Can’t we all just get along?

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0 replies
  1. Fr. J. says:

    I believe in a moral law, moral imperatives and taboos. Some things are worth fighting for. Getting along just to get along is a disvalue.

  2. paperdreamer says:

    Fr J — “Getting along just to get along is a disvalue.”

    I’d agree with that to a point. It’s not right to ignore something bad; that’s pacifism.

    I think it’s very important to fight for peace in ourselves enough to have peace with others, though. You pick your battles.

  3. Margaret says:

    I agree. Pick your battles. People have different cultures, habits, customs, beliefs, and appearances. Those aren’t important enough to argue over unless they’re harmful to others. Most of the time they aren’t. We need to get rid of our prejudices. Let’s just get along and work together!

  4. trzupek says:

    My question is this:

    Let’s say that I am dealing with a religious-based viewpoint that I find offensive, based on my world view, like – for instance – a group of people who say that their faith demands that women should be completely subservient to “their man”. Does “getting along” mean that: 1) I should ignore my values and say “hey, I think women should have equal rights, but if that’s what these guys believe, the gals will just have to suck it up”, or 2) they should tell me to go pound sand, because their culture involves different values and, quite frankly, they could care less what matter to me.

    Just wondering. Sometimes my friend, there’s not a lot of “in between ground” upon which we can indeed get along.

  5. Rusty Lindquist says:

    Good comments. Whenever I post something like this, something that says “be more forgiving”, or “be more tolerant” it means just that… “more”. Very few things in life are absolute. Should we be tolerant of the atrocities performed upon some people by others, simply because we want to try to “get along”? Certainly not.

    And I’m positive we could think up a million instances where the advice to “get along” does not apply. But for each of those times, I bet there’s 10 or more where it does. Far more common in our lives are instances where we should be more forgiving, and more tolerant, and more understanding.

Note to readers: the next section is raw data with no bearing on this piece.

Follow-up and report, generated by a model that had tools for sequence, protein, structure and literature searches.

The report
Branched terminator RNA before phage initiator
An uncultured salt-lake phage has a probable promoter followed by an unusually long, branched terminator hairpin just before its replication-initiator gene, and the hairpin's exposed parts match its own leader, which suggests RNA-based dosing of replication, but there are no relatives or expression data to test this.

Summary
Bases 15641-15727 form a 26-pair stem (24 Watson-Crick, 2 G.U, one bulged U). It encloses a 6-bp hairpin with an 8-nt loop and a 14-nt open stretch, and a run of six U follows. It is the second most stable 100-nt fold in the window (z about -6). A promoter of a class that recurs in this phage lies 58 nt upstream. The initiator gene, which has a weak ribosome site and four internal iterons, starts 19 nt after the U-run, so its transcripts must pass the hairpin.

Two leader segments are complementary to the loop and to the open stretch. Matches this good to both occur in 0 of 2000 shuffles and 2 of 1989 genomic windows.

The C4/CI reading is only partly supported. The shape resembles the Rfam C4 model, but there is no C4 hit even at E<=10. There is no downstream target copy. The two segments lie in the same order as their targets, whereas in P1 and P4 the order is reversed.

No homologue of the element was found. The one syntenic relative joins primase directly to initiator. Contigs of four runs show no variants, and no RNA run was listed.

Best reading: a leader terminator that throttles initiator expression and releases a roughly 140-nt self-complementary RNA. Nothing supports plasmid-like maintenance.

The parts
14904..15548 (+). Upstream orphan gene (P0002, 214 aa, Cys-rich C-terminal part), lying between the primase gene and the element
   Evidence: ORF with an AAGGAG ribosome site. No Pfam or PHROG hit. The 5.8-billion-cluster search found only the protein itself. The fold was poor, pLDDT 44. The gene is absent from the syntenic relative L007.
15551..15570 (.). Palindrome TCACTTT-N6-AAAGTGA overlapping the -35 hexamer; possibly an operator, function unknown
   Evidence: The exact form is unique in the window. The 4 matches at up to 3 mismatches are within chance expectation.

That’s what I’m talking about.

  6. Rusty Lindquist says:

    Although I should say that as individuals, we’re far more likely to excuse our prejudices, to dismiss them, or justify them than we should be. That’s why we harbor them so protectively, after all. I guess my real hope is that people will actually think more about their behavior, and ask themselves if the turmoil they inflict upon themselves and others is really as well founded as they’d like to think. Or if it isn’t perhaps, at least a little bit over inflated.

  7. Margaret says:

    Racism is one aspect of prejudice that screams out at me. We have 3 races in our immediate family as a result of adoption and the marriage of one of our children. I have seen first hand that racism is alive and well in America! If we could just realize that we are all Heavenly Father’s children, of infinite worth and are all brothers and sisters, then prejudice could disappear. Can’t we all just get along?

  8. RoyArtelo says:

    Do you think that Obama is going to win because the Republicans have such a bad candidate?
    Why did John McCain make his final argument against Obama… coal?
    That’s his closing argument? William Ayers, Rev. Wright, spreading the wealth, Born Alive, meeting dictators without preconditions, etc. all have to take a back seat so that McCain can go to Colorado and New Mexico to talk about coal? Does this more or less explain why he’s going to get his clock cleaned Tuesday?


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